Oncology Day Services (ODS) is a bustling unit at Juravinski Hospital and Cancer Centre. They care for cancer patients who aren’t currently hospitalized, but need ongoing support such as chemotherapy, blood transfusions, and IV therapies. In recent years, they have begun to see even more patients, and offer even more procedures. To meet increased demand, they are using creative strategies to build capacity and accommodate more same-day appointments.
“We have a really engaged group of staff, and they were eager to get involved,” says Susan Duong, clinical leader of ODS. “Staff shared ideas for how we could improve our workflow to see patients in a timelier manner.”
Finding creative ways to reduce backlog
ODS uses Hamilton Health Sciences’ Continuous Quality Improvement (CQI) system to address issues and identify opportunities for improvement. The system encourages bottom up solutions by giving frontline staff the tools they need to make change. Using the CQI tools, ODS staff set out to improve the number of patients they can accommodate in same-day appointments.
“Many of the patients we care for are quite sick,” says Karen Robinson, clinical manager of ODS. “By making room for additional same-day appointments, we avoid backlog in the emergency department. We’re also able to reduce the need for overnight hospital admissions.”
When a patient is able to get a same-day appointment in ODS, they can go straight to the unit for their care, rather than waiting to be admitted through the emergency department (ED). This reduces overcrowding in the ED. Additionally, it creates a more pleasant experience for the patient.
“We wanted to find solutions that would last”
At the outset of their project, ODS set a goal of adding five additional same-day appointments to their schedule each day. In order to achieve this goal, they assessed their current processes to find room for improvement.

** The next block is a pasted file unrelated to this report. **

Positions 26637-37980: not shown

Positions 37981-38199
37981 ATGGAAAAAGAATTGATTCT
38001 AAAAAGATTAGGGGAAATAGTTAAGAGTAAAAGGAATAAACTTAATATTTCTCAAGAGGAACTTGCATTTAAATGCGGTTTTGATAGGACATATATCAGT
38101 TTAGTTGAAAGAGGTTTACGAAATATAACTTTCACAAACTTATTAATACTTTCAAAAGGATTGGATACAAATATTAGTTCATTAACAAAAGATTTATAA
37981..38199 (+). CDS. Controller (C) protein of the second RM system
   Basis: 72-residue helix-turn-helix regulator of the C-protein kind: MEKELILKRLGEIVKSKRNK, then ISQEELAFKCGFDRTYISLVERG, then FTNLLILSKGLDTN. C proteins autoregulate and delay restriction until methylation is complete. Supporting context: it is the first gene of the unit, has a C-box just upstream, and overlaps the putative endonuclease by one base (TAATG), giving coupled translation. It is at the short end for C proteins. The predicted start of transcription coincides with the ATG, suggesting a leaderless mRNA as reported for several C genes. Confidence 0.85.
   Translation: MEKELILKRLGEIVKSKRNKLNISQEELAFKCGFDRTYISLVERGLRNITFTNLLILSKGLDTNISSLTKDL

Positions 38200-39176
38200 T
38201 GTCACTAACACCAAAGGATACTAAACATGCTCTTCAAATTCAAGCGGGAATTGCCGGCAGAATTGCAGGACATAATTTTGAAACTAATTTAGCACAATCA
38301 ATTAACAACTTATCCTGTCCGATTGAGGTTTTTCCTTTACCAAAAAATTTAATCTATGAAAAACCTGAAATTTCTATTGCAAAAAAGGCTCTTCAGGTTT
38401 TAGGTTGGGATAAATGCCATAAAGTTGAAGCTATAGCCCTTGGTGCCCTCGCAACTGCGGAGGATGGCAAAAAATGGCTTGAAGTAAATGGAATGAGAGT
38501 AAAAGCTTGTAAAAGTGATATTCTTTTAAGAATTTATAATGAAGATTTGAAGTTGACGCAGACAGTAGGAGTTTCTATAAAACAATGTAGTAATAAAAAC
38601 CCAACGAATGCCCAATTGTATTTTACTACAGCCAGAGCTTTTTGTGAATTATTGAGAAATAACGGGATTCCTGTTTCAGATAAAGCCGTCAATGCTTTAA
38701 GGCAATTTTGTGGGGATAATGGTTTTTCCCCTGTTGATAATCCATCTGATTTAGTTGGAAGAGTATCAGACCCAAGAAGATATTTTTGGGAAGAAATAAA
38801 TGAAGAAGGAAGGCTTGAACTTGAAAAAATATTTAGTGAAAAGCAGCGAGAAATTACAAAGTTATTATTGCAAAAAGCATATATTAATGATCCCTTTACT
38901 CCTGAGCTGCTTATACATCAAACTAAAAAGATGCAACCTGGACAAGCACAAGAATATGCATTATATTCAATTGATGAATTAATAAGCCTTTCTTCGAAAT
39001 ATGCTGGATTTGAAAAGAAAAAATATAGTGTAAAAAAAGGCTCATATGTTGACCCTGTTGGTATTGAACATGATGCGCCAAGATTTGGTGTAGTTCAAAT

“We thought about the problem strategically,” says Susan. “We wanted to find solutions that would last, so we tackled the problem one step at a time.”
Saving time and finding space
The team zeroed in on two main ways to add capacity: finding new and creative uses for space, and implementing time-saving technology.
To create new clinical space, the team converted underused office space into exam rooms. They also created a new protocol where patients return to the waiting room while they await blood work results. This frees up valuable space for other patients to be treated.
They harnessed the power of technology to work more efficiently by purchasing five new portable workstations, along with a set of hands-free communication devices that function like sophisticated walkie talkies. Thanks to the new technology, less time is spent sourcing and inputting information.
Feedback helps improvements stick
The team has been tracking their progress by integrating additional feedback from staff to refine the changes they’ve made. This feedback loop is a core part of solving problems in the CQI system, and helps ensure improvements stick. So far, both staff and patients have responded positively to the changes.
“We’ve had really good uptake,” says Susan. “People are using the technology and the new protocols. This is allowing us to treat people faster, and make time and space for more appointments.”
The project is still young, and the team sees lots of opportunity for further improvement. They’re proud of how far they’ve come in the past year. Most of all, they’re glad to know they are improving patients’ lives every day.
This story was selected as a winner in our Strategy in Action contest, which asks teams across Hamilton Health Sciences to share how they are putting our strategy into practice.
This initiative supports Operational Excellence, one of four strategic directions identified in Hamilton Health Sciences’ Strategic Plan. Operational Excellence is about aligning strategy, systems, tools, and culture to continuously improve value for patients and families.